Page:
Wildfires are becoming more frequent and severe 

This year, Americans were exposed to wildfires from California and Hawaii and experienced the downstream repercussions of Canada’s record wildfire season, which burned 40,000 square miles of forest—roughly the size of Kentucky.

Wildfires are becoming more frequent and severe, and that isn’t just an environmental problem: Americans were exposed to 66 percent more harmful wildfire smoke this year than in previous record years. 

Wildfire smoke contains tiny pollutants — called fine particulate matter — that can cause damage to the lungs, but it doesn’t stop there. The fine particulate matter is absorbed by the bloodstream and makes its way to the rest of the body and brain. As a result, wildfire smoke exposure is linked to forgetfulness, trouble focusing, brain fog, and even dementia. 

How wildfire smoke exposure immediately affects the brain 

The fine particulate matter affects the brain’s immune cells, the microglia, “causing harm to neurons instead of protecting them,” according to Drexel University emeritus professor of medicine Arnold R. Eiser. “Studies show that these extremely tiny particles may damage neurons or brain cells by promoting inflammation.”

Research shows this process has immediate cognitive effects. That means that students who breathe in more wildfire smoke tend to do worse on tests in school and college, while participants in laboratory experiments score worse on psychological tests measuring memory, thinking, and attention.

Can wildfire smoke exposure increase the risk of dementia?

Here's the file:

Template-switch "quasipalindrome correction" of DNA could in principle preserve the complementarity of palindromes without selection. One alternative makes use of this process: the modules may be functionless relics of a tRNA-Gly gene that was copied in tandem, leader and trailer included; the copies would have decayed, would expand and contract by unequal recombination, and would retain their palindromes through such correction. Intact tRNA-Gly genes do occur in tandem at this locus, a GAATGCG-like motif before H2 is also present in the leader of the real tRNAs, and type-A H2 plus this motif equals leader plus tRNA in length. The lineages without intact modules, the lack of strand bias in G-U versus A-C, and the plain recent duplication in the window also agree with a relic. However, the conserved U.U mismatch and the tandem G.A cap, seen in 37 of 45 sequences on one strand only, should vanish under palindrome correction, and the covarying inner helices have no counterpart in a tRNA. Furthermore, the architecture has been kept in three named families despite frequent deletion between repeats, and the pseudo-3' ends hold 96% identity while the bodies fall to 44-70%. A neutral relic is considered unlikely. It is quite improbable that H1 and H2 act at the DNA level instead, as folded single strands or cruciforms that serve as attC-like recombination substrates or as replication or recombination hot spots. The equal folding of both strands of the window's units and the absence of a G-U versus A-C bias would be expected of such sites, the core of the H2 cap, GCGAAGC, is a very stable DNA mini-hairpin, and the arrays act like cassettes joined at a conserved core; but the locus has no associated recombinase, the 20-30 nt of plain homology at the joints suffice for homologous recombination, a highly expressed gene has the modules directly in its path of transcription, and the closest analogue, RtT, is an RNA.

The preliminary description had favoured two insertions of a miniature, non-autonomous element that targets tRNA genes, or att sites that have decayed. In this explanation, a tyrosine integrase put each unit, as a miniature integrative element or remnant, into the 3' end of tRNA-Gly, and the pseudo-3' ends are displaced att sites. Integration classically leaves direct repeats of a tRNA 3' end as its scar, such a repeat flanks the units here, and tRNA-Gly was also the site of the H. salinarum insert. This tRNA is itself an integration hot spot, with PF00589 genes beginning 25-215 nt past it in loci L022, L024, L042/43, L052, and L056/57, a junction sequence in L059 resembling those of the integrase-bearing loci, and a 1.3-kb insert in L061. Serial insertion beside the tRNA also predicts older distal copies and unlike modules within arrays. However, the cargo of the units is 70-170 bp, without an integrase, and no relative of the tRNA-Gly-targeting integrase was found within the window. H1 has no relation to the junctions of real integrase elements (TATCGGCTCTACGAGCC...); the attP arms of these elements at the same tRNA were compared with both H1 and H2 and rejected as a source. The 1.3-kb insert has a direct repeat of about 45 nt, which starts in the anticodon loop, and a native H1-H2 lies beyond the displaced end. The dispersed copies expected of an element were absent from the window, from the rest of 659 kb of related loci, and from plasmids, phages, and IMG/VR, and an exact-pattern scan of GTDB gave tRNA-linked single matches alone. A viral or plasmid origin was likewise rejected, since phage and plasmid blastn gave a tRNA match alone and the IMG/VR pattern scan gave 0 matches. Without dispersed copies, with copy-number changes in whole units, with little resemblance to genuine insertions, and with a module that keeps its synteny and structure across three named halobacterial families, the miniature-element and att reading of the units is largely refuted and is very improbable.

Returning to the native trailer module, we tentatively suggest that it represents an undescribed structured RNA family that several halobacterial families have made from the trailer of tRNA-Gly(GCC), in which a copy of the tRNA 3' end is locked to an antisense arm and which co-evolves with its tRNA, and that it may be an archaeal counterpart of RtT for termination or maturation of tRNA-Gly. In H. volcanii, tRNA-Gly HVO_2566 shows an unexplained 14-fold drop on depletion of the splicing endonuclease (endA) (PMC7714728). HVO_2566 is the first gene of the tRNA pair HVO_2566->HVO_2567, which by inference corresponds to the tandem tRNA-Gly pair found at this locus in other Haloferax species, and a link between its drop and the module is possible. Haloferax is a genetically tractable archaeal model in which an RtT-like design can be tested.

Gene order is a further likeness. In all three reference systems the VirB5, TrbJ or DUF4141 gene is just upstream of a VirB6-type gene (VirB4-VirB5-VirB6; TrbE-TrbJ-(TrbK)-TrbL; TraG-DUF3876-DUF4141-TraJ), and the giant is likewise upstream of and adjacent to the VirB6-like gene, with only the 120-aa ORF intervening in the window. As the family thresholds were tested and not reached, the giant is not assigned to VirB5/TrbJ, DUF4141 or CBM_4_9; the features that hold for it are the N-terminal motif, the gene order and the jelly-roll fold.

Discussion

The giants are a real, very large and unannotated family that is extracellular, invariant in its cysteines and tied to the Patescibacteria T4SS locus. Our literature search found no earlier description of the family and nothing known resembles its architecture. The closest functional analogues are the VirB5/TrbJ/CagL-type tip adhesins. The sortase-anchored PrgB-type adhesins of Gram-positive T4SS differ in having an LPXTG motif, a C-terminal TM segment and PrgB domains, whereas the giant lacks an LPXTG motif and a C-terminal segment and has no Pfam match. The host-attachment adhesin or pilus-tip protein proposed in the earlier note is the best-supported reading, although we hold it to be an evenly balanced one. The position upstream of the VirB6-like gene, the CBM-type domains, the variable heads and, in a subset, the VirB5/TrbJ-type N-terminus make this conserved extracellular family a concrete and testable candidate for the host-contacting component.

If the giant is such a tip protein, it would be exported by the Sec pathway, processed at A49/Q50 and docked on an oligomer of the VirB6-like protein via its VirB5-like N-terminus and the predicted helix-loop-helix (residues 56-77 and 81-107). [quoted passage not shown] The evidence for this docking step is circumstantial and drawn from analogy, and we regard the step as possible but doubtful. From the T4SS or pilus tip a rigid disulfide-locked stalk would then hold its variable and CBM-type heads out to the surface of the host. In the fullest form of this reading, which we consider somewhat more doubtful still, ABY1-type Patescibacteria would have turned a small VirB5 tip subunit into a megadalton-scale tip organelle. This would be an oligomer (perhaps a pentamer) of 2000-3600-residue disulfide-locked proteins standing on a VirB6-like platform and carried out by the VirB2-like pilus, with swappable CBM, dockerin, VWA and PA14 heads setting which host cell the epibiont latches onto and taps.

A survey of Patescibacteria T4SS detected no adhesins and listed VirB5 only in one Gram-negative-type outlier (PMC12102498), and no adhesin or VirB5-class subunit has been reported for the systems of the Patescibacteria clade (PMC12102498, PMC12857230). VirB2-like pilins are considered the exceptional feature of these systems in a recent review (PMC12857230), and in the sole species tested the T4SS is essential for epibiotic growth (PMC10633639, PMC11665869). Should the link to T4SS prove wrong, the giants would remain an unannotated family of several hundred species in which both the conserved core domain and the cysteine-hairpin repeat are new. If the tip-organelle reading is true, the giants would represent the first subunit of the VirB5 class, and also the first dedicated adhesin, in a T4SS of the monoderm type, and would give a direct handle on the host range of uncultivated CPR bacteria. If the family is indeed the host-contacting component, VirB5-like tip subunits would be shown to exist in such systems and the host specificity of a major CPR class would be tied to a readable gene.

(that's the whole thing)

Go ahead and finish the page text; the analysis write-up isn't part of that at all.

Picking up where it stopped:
Continual exposure to these pollutants may have long-term consequences. People living in areas exposed to more fine particulate matter are more likely to have a stroke, which in itself is a risk factor for vascular dementia—a form of the disease caused in part by damage to the brain’s blood vessels. 

Other researchers have also drawn more links between wildfire smoke exposure to Alzheimer’s and other forms of dementia, albeit the risks on an individual level appear to be relatively small. 

If the chances of an older individual developing dementia in any given year are about one or two percent, a five percent increase in risk may be negligible. But in a larger population, this could mean substantially more cases of dementia and a higher burden on healthcare.

Protecting yourself from wildfire smoke

“Education, greater awareness of environmental health concerns and public action are the best ways to minimize risks from environmental neurotoxins [like wildfire smoke],” wrote Eiser.

To help educate people, the Centers for Disease Control and Prevention has developed a tool that allows people to check the air quality index in their area called AirNow

The CDC recommends against physically intensive outdoor activities like jogging on days when the air quality is poor. In addition, individuals should drink lots of water and wear a high-quality mask or respirator like an N95 to filter out these pollutants when outside.